The number of residents of the occupied Palestinian territories classified as poor more than doubled in the first quarter of 2006, and by one measure more than 70% of the population of the West Bank, Gaza Strip, and east Jerusalem now lives in poverty, according to a new survey released Sunday.
The report, released by Palestinian Central Bureau of Statistics (PCBS), shows that the number of Palestinians living below the poverty line shot up more than 1.4 million, from 1,309 million to 2,733 million, in just the first three months of the year. The sharp decline in living standards, the report suggests, is primarily a result of the Israeli economic siege and the cut-off of international aid to the Palestinians since the election of the Hamas-led government early this year.

The report includes two estimates of poverty levels, based on different sets of data. On the basis of household expenditure and consumption data, the poverty rate at the end of 2005 stood at 29.4% of households. On the basis of income data, the rate at the end of the year was 47.5% of households.

By the end of the first quarter, the poverty rate based on expenditure data had climbed to 45.2% of households, or about 51.0% of population. When the estimate is calculated from income data, the rate soars to 66.8% of households, or about 70.3% of population.

The report also incorporates two measures of poverty, relative and absolute. The relative poverty line for the reference household in the Palestinian Territories in 2005 stood at NIS (New Israeli Shekels) 2,143 (US$477) . The figure is based on a budget of basic needs, including education and health care, for a family of 6 persons (2 adults and 4 children). The absolute poverty line for 2005, calculated to reflect a budget for food, clothing and housing only for a family of two persons, was estimated at NIS 1,732 (US$385).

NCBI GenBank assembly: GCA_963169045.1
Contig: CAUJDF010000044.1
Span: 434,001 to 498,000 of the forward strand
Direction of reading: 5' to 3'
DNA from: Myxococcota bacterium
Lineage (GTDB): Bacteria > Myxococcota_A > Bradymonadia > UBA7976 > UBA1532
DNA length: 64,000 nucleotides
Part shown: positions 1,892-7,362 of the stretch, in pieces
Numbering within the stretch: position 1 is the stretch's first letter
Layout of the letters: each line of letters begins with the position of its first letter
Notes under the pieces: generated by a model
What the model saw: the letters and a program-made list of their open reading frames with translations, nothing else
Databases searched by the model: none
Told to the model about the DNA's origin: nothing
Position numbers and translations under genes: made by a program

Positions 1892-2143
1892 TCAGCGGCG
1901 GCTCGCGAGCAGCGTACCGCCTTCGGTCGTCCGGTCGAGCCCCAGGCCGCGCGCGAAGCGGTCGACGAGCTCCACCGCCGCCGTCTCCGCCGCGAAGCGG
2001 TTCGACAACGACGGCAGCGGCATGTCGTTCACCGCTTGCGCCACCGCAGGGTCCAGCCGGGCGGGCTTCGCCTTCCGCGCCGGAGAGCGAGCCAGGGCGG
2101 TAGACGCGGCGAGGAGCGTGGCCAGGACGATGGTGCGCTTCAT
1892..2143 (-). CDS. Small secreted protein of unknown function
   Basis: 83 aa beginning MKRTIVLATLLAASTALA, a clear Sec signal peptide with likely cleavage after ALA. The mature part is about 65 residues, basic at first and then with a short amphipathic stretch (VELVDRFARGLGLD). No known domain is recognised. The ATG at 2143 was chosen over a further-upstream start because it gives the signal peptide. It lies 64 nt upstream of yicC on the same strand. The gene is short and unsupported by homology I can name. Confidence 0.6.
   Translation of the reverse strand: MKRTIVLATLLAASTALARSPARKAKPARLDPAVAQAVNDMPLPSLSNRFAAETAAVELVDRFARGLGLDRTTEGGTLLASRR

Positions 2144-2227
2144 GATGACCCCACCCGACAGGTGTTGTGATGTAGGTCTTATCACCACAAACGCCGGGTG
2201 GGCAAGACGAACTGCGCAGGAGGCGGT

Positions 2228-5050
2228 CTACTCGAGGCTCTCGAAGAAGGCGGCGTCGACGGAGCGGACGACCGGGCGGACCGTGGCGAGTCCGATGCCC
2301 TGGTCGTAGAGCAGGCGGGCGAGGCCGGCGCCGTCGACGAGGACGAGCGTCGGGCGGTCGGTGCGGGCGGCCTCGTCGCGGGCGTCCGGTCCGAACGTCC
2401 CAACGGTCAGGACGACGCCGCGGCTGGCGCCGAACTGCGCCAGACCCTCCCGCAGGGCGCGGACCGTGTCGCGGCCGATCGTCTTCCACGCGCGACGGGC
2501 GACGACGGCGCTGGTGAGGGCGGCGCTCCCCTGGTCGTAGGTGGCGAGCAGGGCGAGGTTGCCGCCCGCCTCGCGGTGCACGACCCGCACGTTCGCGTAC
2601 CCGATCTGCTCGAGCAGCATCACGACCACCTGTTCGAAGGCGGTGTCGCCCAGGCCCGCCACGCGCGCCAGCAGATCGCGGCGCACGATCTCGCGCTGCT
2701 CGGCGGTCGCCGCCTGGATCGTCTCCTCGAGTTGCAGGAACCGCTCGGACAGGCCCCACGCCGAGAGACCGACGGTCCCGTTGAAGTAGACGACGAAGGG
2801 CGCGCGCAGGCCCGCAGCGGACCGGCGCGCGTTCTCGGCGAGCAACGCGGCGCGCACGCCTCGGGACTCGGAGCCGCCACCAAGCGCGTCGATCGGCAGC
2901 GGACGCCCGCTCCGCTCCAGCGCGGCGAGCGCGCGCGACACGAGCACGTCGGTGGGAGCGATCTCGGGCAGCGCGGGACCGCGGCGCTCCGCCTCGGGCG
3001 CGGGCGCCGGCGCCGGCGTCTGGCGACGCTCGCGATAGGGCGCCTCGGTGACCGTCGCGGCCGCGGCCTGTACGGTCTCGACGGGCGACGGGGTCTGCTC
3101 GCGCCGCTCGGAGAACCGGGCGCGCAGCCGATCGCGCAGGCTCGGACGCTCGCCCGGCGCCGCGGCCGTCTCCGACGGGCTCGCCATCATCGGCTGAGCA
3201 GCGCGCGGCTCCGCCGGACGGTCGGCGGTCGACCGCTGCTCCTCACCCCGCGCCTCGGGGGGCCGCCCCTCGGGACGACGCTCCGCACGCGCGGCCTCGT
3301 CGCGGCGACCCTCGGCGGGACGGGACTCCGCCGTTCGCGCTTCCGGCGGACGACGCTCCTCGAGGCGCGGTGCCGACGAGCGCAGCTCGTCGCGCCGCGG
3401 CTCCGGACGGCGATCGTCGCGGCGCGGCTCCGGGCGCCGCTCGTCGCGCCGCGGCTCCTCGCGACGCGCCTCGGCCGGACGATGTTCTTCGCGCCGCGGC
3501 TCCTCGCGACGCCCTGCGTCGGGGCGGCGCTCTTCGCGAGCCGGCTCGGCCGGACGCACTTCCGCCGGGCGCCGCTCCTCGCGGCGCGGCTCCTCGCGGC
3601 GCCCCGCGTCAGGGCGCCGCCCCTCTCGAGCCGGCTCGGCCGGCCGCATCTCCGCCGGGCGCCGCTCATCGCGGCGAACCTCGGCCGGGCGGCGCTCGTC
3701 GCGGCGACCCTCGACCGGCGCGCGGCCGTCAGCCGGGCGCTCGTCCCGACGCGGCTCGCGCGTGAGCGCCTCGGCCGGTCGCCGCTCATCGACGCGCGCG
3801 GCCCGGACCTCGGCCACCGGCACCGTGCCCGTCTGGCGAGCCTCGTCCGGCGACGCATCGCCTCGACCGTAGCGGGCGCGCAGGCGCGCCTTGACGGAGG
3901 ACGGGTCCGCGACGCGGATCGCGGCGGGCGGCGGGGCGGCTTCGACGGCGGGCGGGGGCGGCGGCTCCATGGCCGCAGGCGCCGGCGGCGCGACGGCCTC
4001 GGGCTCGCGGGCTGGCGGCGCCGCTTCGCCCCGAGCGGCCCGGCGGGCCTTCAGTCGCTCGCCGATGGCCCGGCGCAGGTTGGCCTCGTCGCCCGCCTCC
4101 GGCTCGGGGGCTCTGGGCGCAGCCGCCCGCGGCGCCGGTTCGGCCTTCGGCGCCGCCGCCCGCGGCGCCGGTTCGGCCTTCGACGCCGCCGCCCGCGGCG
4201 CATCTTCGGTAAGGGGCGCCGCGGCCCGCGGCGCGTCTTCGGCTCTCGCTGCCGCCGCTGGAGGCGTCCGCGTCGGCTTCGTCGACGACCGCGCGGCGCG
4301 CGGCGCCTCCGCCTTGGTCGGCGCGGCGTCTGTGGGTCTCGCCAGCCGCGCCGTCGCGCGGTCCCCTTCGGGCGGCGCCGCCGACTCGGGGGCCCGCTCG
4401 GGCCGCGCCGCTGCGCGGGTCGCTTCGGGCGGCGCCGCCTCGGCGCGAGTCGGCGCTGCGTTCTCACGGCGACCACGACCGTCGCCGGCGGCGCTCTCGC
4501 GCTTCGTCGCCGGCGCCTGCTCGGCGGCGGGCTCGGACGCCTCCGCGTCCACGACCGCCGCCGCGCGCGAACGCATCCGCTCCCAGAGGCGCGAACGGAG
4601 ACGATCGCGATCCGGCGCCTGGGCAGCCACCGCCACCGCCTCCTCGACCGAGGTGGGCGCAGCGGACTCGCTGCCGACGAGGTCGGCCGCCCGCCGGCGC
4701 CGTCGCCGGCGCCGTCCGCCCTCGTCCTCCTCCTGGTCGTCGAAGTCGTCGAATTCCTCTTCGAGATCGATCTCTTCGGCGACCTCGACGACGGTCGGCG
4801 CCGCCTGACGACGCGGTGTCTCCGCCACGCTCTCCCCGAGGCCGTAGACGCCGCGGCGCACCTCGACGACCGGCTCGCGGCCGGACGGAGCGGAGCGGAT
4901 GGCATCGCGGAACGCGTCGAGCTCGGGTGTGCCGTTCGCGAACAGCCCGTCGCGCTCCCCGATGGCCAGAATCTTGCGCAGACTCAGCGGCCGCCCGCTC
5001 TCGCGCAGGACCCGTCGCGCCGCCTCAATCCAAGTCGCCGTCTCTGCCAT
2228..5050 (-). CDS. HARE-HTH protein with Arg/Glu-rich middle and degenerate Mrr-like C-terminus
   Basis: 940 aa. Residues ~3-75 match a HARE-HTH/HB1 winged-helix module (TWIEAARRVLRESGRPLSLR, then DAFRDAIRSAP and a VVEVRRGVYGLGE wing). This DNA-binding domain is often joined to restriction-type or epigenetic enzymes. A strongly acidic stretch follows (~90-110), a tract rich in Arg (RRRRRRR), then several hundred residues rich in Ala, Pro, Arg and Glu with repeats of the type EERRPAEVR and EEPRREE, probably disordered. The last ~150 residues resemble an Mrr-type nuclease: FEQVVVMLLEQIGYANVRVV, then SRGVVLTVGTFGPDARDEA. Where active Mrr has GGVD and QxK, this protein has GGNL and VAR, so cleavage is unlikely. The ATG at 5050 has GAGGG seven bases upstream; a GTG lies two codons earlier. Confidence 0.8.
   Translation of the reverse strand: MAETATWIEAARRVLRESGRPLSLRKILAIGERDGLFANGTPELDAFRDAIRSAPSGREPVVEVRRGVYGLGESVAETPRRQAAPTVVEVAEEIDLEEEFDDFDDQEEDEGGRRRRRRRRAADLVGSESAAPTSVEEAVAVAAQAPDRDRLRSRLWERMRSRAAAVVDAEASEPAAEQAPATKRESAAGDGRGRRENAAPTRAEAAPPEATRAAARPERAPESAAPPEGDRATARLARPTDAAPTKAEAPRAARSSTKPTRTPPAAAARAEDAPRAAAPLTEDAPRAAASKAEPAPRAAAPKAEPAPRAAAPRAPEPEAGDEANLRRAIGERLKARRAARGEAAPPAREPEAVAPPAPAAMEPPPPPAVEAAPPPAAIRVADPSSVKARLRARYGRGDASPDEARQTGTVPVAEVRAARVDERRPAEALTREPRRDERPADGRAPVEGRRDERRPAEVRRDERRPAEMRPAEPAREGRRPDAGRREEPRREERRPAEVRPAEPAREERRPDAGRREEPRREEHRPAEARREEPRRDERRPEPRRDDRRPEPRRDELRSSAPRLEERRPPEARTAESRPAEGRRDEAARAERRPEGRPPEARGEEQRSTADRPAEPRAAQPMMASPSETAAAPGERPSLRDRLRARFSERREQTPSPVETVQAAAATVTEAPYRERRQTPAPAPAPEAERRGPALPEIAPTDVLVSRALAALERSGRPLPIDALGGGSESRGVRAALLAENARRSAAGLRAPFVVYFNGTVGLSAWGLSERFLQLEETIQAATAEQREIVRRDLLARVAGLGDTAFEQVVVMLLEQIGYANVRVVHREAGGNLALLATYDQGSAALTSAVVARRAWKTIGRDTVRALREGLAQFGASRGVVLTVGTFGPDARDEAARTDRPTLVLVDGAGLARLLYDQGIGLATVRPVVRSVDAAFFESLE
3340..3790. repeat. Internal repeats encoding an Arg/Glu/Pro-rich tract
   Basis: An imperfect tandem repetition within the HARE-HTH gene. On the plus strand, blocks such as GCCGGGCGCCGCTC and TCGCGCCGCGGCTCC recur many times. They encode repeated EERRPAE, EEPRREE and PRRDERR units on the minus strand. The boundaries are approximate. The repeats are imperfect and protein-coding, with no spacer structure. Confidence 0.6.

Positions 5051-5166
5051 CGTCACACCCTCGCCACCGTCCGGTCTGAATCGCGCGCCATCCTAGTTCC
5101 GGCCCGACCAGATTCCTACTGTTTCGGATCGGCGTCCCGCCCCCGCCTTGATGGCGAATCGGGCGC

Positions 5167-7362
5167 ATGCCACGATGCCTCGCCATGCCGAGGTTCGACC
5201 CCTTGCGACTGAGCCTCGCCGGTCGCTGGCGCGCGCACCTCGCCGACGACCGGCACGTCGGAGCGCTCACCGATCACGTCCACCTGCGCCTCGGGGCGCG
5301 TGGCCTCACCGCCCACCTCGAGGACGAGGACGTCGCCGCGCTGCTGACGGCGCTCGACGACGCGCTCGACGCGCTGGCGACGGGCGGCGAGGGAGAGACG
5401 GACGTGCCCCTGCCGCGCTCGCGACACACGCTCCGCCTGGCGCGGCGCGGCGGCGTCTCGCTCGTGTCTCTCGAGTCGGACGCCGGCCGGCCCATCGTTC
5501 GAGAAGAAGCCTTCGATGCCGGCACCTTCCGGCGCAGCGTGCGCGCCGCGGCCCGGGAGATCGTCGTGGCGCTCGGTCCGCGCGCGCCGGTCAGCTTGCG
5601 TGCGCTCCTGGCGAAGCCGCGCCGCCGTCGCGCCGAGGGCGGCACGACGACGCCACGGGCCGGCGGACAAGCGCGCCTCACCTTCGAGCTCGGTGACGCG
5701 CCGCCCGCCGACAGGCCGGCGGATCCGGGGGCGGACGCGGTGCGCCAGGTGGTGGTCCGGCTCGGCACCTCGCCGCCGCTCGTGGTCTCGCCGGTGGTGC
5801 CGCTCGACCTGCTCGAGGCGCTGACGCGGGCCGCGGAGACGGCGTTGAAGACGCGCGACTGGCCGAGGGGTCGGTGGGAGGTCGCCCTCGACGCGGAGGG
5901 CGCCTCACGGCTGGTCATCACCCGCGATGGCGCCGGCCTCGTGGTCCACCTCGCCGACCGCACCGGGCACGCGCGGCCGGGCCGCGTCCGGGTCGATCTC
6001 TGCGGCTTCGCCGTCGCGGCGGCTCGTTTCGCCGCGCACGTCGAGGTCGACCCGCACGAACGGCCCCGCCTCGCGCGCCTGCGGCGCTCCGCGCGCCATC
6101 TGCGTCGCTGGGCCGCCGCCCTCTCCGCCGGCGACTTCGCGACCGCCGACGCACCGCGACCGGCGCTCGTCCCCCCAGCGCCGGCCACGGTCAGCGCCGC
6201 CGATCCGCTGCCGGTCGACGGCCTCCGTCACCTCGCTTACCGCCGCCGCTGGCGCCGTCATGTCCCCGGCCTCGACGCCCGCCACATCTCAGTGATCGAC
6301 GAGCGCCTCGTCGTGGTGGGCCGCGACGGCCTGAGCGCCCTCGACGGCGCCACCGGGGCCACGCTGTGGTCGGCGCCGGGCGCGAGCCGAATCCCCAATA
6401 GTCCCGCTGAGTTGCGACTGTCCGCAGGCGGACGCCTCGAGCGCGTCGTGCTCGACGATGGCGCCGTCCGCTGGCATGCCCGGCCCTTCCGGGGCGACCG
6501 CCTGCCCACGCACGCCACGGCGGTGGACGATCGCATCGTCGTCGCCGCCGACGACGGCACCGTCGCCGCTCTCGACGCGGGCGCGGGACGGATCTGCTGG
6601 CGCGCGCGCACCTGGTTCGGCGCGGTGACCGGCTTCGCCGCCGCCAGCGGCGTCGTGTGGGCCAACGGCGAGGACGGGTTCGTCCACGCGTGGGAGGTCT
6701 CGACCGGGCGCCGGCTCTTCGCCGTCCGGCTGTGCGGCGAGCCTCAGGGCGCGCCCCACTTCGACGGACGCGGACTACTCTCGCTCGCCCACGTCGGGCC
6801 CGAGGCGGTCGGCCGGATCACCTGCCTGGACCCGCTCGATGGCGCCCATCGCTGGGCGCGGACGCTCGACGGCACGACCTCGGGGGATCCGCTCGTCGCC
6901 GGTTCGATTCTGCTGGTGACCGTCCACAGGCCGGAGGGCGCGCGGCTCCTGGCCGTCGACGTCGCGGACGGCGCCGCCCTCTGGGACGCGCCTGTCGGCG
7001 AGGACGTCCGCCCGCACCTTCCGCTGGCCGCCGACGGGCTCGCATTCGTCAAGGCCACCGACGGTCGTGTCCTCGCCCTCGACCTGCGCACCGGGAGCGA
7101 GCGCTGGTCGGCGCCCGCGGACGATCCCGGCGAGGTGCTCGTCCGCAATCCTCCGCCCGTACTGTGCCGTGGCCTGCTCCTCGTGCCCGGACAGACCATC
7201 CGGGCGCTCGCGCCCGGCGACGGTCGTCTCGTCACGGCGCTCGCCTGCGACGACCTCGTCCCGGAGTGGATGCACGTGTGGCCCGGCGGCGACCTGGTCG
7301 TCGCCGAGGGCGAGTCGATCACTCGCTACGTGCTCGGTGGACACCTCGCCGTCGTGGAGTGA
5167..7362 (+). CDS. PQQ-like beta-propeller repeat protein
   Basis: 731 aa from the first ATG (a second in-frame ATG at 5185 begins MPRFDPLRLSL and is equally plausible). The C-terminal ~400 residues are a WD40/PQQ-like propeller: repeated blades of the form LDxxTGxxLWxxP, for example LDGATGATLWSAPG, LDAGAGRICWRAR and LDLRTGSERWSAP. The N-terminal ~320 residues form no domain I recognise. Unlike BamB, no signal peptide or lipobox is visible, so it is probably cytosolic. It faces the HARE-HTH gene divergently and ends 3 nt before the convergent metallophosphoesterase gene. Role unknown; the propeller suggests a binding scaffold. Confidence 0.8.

The consumption data indicate that 18.1% of the households in the Palestinian Territories – 13.1% in the West Bank and 27.9% in Gaza Strip – were below the absolute standard in 2005.  Based on income date, the rate of severe poverty was 40.2%.
Another finding of the report is that poverty rates are consistently related to the number of children in the household. Households with 1-2 children have the lowest incidence of poverty (19.5%); the rate among households with up to 4 children is also below the national rate. But in larger households, the incidence of poverty jumps dramatically: to 39.0% for households with 5-6 children, 53.6% for households with 7-8 children, and 67.5% for those with 9 children and more.

A separate report recently issued by the World Bank found that more than 54% of the Palestinians in the West Bank and Gaza Strip are living below poverty line, defined as $2 a day. The UN World Food Program decided last week to increase the number of the Palestinians eligible for food aid from 450,000 to 600,000.
This article was sourced from the International Press Center